Tuesday, July 21, 2009

Saving Black Marriages

Soledad O’Brien is doing an investigative series on CNN this month looking into what African-Americans are doing to confront the most challenging issues facing their communities. She is highlighting people who have found innovative solutions to transform their world. A recent article asks the question; Saving black marriages: Does it take a village?

Marriage as an institution has been particularly challenging in the African American Community as witnessed by these statistics from the U.S. Department of Health and Human Services Website.
Statistics on Marriage, Divorce, and Living Arrangements
On the whole, Blacks or African Americans (hereafter called Blacks) have lower rates of marriage and marital stability than all other ethnic groups. They also have higher rates of single-headed families than other groups.
· Black males and females are more likely to be unmarried than Whites, Hispanics, or American Indian/Alaskan Natives (AIAN) (42.2% for males, 40.8% for females, compared to 27.5% and 21.2% respectively for Whites, 38.2% and 30.3% for Hispanics, and 35.7% and 29.9% for AIAN ).(ACS 2002)
· Black individuals are far more likely than Whites and Hispanics to be divorced (in 2002, 9.4% of Black males were divorced, and 13.3% of Black females versus 9.1 % and 11.3% respectively for Whites and 5.9% and 9.3% for Hispanics). (ACS 2002)
· Among married Black individuals, a greater percentage is living apart from their spouses than among married White and AIAN individuals (15.7% for Black males, 24.1% for Black females, versus 5.3% and 6.3% respectively for Whites and 11.1% and 12.8% for AIAN). Only Hispanics have a higher rate of living apart from their spouse than do Blacks – 16.2% for males and 16.9% for females (in many cases this may be due to immigration complications). (ACS 2002)
· Black families are less likely to contain a married couple than all other groups (46.0% versus 81.0%). White families have an 81% chance of containing a married couple, AIAN families have a 67% chance, and Hispanics have a 67.4% chance. (Census 2000)
· Single male-headed families are slightly more likely in Black homes than in White family homes (about 8.5% versus 5.3% for whites.). Hispanics and AIANs have a higher rate of single male headed families (10.3% and 10.4% respectively). (Census 2000)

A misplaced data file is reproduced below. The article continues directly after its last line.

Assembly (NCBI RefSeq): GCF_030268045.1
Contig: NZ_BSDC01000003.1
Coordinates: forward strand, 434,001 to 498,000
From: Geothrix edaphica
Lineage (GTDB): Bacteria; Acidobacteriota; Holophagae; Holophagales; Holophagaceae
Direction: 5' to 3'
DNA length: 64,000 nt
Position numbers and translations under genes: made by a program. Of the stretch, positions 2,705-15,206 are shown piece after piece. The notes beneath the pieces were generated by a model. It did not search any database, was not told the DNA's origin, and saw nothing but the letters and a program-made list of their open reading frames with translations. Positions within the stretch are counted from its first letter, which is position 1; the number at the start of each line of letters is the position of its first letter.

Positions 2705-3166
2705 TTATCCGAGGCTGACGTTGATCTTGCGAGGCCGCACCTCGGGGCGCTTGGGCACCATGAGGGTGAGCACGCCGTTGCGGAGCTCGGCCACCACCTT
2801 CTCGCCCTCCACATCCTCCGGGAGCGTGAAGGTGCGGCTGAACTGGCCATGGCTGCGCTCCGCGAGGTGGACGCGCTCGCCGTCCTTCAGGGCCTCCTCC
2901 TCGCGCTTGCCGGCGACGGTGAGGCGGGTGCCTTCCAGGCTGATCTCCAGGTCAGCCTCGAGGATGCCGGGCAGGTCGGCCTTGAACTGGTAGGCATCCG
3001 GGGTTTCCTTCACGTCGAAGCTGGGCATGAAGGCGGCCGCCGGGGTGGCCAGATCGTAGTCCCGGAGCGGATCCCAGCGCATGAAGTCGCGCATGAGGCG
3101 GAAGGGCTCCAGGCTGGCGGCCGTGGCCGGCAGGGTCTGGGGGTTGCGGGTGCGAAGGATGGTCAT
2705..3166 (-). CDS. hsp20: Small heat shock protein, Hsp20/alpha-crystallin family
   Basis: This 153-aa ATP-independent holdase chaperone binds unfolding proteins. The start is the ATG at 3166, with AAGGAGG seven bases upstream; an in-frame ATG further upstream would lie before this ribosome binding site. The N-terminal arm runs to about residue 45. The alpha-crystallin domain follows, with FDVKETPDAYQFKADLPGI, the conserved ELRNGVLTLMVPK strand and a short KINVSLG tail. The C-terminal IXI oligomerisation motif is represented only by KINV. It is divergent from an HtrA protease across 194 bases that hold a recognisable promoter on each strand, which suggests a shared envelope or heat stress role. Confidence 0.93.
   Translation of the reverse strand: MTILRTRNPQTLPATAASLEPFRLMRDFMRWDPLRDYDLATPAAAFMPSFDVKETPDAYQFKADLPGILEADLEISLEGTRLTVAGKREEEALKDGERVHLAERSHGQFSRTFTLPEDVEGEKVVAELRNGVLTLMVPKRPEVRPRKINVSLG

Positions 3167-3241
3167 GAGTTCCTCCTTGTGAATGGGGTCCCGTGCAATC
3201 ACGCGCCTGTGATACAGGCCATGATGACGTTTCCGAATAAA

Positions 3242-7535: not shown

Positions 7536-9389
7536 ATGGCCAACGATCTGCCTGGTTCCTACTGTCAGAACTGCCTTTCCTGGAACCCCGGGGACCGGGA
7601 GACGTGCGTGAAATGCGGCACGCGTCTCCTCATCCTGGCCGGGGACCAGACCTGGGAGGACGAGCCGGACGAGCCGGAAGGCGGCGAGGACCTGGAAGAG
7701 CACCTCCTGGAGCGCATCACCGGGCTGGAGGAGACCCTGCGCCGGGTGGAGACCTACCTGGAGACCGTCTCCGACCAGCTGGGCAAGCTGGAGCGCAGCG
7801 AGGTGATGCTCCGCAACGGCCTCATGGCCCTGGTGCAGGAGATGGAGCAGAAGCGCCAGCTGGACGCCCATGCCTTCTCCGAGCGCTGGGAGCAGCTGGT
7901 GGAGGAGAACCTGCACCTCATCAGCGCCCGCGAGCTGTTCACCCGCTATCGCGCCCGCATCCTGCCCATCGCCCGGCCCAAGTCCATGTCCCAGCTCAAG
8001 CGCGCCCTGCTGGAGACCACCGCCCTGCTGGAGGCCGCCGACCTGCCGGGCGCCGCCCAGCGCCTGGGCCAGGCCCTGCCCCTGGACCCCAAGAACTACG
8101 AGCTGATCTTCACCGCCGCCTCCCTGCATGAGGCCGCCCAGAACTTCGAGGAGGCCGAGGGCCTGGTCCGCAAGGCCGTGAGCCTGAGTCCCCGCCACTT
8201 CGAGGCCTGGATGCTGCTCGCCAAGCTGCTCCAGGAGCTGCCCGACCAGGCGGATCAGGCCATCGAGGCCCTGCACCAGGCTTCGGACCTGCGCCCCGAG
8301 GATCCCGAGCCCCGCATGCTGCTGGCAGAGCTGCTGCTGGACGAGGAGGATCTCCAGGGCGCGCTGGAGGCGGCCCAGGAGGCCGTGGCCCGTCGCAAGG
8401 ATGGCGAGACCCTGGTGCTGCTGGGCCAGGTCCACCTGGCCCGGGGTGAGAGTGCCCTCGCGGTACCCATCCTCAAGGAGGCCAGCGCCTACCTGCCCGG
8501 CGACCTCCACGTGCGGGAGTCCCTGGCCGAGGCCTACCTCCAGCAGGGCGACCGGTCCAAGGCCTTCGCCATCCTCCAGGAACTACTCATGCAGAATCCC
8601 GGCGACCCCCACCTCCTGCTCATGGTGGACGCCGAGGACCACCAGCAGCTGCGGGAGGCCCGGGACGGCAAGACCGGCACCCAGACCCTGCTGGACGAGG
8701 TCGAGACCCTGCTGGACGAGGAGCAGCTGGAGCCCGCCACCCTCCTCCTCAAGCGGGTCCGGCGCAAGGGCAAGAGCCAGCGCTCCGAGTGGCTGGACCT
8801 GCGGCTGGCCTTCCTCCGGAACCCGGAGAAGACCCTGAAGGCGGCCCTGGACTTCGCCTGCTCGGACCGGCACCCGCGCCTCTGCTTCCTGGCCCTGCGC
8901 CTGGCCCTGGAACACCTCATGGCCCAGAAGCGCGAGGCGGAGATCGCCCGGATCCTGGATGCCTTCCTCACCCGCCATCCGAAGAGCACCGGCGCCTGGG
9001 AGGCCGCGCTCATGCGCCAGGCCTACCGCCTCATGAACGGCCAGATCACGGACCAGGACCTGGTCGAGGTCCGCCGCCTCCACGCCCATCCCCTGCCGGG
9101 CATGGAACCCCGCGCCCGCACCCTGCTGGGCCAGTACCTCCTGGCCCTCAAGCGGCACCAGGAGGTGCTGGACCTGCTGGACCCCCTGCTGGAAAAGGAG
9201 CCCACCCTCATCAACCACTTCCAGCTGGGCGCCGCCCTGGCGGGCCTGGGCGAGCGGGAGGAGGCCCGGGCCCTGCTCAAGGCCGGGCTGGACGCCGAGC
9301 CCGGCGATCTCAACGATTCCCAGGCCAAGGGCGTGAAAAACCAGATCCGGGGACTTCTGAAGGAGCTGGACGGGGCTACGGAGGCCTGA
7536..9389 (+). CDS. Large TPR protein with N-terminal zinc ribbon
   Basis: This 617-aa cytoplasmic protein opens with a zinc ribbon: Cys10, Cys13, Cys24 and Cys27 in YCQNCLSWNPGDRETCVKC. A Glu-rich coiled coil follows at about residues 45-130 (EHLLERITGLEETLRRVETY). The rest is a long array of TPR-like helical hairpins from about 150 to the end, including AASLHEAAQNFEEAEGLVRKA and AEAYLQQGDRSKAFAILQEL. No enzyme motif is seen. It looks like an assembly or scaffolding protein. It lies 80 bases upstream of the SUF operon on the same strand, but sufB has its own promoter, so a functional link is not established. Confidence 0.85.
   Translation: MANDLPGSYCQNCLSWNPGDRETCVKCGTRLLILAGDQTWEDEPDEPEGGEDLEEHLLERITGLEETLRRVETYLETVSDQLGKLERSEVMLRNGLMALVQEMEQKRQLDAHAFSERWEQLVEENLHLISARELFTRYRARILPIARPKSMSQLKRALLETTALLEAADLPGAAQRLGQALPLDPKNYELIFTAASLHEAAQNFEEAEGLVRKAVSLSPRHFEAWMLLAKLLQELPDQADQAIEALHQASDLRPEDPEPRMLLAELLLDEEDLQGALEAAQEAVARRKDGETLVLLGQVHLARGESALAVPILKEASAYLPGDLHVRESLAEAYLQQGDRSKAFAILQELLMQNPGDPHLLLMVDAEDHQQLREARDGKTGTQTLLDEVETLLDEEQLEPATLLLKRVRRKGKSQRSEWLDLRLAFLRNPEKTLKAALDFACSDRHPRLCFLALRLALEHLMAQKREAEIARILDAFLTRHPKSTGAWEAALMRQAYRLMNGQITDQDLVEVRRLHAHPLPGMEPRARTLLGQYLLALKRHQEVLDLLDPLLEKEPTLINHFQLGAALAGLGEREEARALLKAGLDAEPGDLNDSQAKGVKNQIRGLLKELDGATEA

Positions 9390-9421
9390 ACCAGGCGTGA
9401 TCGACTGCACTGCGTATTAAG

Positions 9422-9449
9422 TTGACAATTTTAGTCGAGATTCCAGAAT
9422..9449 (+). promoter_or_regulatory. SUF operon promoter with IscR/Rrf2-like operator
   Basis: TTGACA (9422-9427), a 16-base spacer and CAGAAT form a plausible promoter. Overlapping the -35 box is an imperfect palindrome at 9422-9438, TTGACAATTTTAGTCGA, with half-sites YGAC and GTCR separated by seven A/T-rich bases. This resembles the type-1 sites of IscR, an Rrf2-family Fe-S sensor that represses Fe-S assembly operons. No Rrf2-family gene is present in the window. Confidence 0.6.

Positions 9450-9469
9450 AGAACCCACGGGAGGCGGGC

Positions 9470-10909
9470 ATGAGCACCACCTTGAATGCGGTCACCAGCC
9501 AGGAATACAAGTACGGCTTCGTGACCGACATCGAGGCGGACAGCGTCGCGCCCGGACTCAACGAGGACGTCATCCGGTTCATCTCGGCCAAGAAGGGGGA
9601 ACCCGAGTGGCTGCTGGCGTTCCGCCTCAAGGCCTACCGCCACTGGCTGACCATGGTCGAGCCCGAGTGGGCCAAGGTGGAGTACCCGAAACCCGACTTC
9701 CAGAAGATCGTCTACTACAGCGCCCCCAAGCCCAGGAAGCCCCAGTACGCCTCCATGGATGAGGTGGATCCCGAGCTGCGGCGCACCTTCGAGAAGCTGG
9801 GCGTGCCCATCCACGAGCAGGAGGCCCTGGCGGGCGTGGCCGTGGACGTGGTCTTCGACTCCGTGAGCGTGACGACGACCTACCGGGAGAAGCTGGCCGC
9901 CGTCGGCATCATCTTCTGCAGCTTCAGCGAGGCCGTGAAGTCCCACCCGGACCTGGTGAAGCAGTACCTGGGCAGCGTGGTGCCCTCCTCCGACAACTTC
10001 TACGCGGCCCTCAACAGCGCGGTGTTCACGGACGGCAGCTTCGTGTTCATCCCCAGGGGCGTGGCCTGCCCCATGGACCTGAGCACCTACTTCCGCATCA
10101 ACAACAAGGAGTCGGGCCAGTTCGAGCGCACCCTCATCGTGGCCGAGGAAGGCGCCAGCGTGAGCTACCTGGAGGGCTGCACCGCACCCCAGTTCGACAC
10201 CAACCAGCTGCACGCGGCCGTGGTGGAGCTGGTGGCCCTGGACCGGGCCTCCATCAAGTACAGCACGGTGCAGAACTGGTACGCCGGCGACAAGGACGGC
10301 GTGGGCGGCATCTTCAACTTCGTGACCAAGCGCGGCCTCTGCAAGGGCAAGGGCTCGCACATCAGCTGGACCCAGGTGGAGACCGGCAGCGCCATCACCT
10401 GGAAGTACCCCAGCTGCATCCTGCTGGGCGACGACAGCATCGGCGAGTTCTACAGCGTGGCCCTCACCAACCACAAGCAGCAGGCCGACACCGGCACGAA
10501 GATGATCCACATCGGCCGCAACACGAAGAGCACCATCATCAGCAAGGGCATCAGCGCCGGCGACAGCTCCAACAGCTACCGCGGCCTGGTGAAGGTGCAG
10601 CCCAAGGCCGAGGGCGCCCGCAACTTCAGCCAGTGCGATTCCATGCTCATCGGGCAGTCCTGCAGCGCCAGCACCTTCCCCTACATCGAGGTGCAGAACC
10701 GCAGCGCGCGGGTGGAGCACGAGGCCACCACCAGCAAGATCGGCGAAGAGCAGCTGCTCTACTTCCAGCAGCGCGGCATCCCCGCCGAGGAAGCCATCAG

· Single female-headed families are far more likely in Black homes than in all other groups' homes (45.4% versus 13.7%). By contrast, Whites have a 13.7% rate, AIANs have a 28.8% rate, and Hispanics have a 22.3% rate of single female headed families. (Census 2000)
· Only 44.9% of Black householders in family households live with a spouse. This compares with 80.6% for Whites, 60.1% for AIAN, and 70.2% for Hispanics. (Census 2000)

The CNN story examines a couple who appears to have it all, married for 13 years and successful with children. Even though they have it all on paper, this couple’s marriage was in turmoil. Another part of the question is; does a strong marriage equal a strong family? This couple decided to seek help in the form of skills based training for couples. Translation: marriage education!

The article also talks about many influences that have shaped, affected or strained black marriages in particular.

The comments left by people who have read the article are also interesting.

Read and let us know your thoughts.


M. Denise Wilmer Barreto said...

Wow! That is amazing and YES I do think it takes a village so to speak.

Let's face it, in our country it is an "amazing" story to overcome obstacles to accomplish something big. Marriage for minorities appears to be one of those "somethings". We (minorities) as a group do not have sonsistent strong role models in this area and the statistics back it up.

I am a firm believer that we can learn from anyone but it is so much more meaningful if it is someone "like me." Hence the importance of black teachers in schools - black doctors -etc, etc.

Until we have strong strong advocates in the black and hispanic community for marriages and marriage education - we will continue as we are today. President and Mrs. Obama appear to be a great start for this new revolution.

I love the Black In America series on CNN - it highlights things we live everyday to the rest of the country.

Thanks for pointing that out.

thinkmarriage.org said...

Thank you for being an advocate by faithfully blogging!